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Bots may be cool, but DigitalGenius thinks it found a better way

TechCrunch TechCrunch 14/04/2016 Ron Miller

Bots seem to be all the rage this week, thanks to the release of Facebook’s Messenger Bot program at F8, but not everyone sees bots as the way to keep up with the customer service glut. DigitalGenius, a former TechCrunch Disrupt Battlefield finalist, thinks there’s a better way using artificial intelligence and machine learning.

The company released an entirely new product this week called the Human+AI Customer Service Platform that links to popular customer service platforms like Salesforce, Zendesk and Oracle. The trouble with bots is they are limited by their programmed actions, says Mikhail Naumov, chief strategy officer at DigitalGenius.

“While chat bots are cool and are getting lots of attention today — they often break once the user asks for something that has not been pre-programmed into the bot. The DigitalGenius platform, however, combines the best of human and machine intelligence in a seamless customer service experience,” Naumov told TechCrunch.

DigitalGenius’s secret sauce lies in its ability to analyze the customer service logs from chats, social interactions and emails to learn about the most common transactions, then determine what the most likely response should be. The company has defined a ‘confidence threshold’ — that is, how likely a response is accurate. The customer decides on the threshold where they are comfortable delivering an automated message. All other interactions would be routed to a human CSR for processing.

In previous iterations of the platform, it could take several months with a consultant training the system to learn what those popular requests and responses might be. After taking a year to fine-tune its approach, DigitalGenius has been able to reduce that training period to several weeks.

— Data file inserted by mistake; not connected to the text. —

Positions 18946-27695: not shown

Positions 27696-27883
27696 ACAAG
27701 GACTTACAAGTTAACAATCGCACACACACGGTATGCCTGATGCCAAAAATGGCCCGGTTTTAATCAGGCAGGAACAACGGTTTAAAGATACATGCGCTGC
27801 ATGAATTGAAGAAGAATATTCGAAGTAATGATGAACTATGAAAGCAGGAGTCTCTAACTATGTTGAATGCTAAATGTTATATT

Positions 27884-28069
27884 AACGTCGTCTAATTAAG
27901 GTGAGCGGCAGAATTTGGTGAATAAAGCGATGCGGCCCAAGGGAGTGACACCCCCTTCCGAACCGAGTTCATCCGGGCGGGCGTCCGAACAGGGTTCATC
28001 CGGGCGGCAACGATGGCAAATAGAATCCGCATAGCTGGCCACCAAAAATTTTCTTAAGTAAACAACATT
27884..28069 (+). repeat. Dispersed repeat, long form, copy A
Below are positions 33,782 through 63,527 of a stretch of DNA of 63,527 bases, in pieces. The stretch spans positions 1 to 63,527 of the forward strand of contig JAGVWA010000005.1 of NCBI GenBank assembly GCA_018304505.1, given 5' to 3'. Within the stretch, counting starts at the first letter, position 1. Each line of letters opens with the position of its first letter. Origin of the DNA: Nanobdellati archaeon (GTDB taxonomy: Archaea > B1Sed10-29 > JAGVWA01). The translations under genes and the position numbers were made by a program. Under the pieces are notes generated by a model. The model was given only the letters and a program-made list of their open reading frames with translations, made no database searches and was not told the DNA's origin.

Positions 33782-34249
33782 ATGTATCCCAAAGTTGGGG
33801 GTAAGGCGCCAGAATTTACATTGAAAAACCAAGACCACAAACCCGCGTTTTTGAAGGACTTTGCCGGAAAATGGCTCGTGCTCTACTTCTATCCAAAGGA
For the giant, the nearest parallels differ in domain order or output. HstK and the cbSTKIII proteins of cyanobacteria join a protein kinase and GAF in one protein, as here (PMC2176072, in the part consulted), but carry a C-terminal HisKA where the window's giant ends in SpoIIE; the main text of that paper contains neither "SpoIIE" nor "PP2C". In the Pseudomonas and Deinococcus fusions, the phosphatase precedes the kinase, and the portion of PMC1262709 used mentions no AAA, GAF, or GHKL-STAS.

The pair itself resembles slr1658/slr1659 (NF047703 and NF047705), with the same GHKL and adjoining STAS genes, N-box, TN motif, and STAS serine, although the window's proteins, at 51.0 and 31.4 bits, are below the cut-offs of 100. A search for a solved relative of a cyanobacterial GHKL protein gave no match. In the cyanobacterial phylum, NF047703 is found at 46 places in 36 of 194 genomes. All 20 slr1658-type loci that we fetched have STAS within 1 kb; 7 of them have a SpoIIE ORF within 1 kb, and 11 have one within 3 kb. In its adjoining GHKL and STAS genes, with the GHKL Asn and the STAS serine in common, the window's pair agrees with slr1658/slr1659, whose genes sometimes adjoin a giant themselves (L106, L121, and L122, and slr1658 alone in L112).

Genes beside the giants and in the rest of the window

This is not to say that training the system is a simple matter. Each customer brings its own set of problems and solutions, its own language and its own comfort level with automation versus human involvement. While the new approach speeds up the initial training period in a fairly dramatic way, it still requires help in most instances from a DigitalGenius engineer or an external systems integrator to make it work.

Originally, the company used the technology to deliver a solution based on intelligent automated responses to SMS messages — smart bots if you will — but it decided to pivot last year and design the platform as a customer service-focussed solution.

“It’s a way for big brands to bring practical applications of machine learning directly into the customer service organization,” Naumov said.

Management can still monitor the interactions in an administrative dashboard to make sure that customers are getting the optimal responses in a reasonable time period, not leaving the automation or human components without some oversight.

The company also announced a new round of $4.1 million in funding today from investors like Salesforce Ventures and BloombergBeta. Other new funders included NovelTmT, Singularity Investments and Spider Capital. Previous investors Lerer-Hippeau Ventures, Lowercase Capital, Metamorphic Ventures and RRE also participated in the round.

Today’s investment brings the total to over $7 million. The company has offices in New York and London and employs approximately 20 people. Like most early-stage companies, the majority of those employees are engineers.

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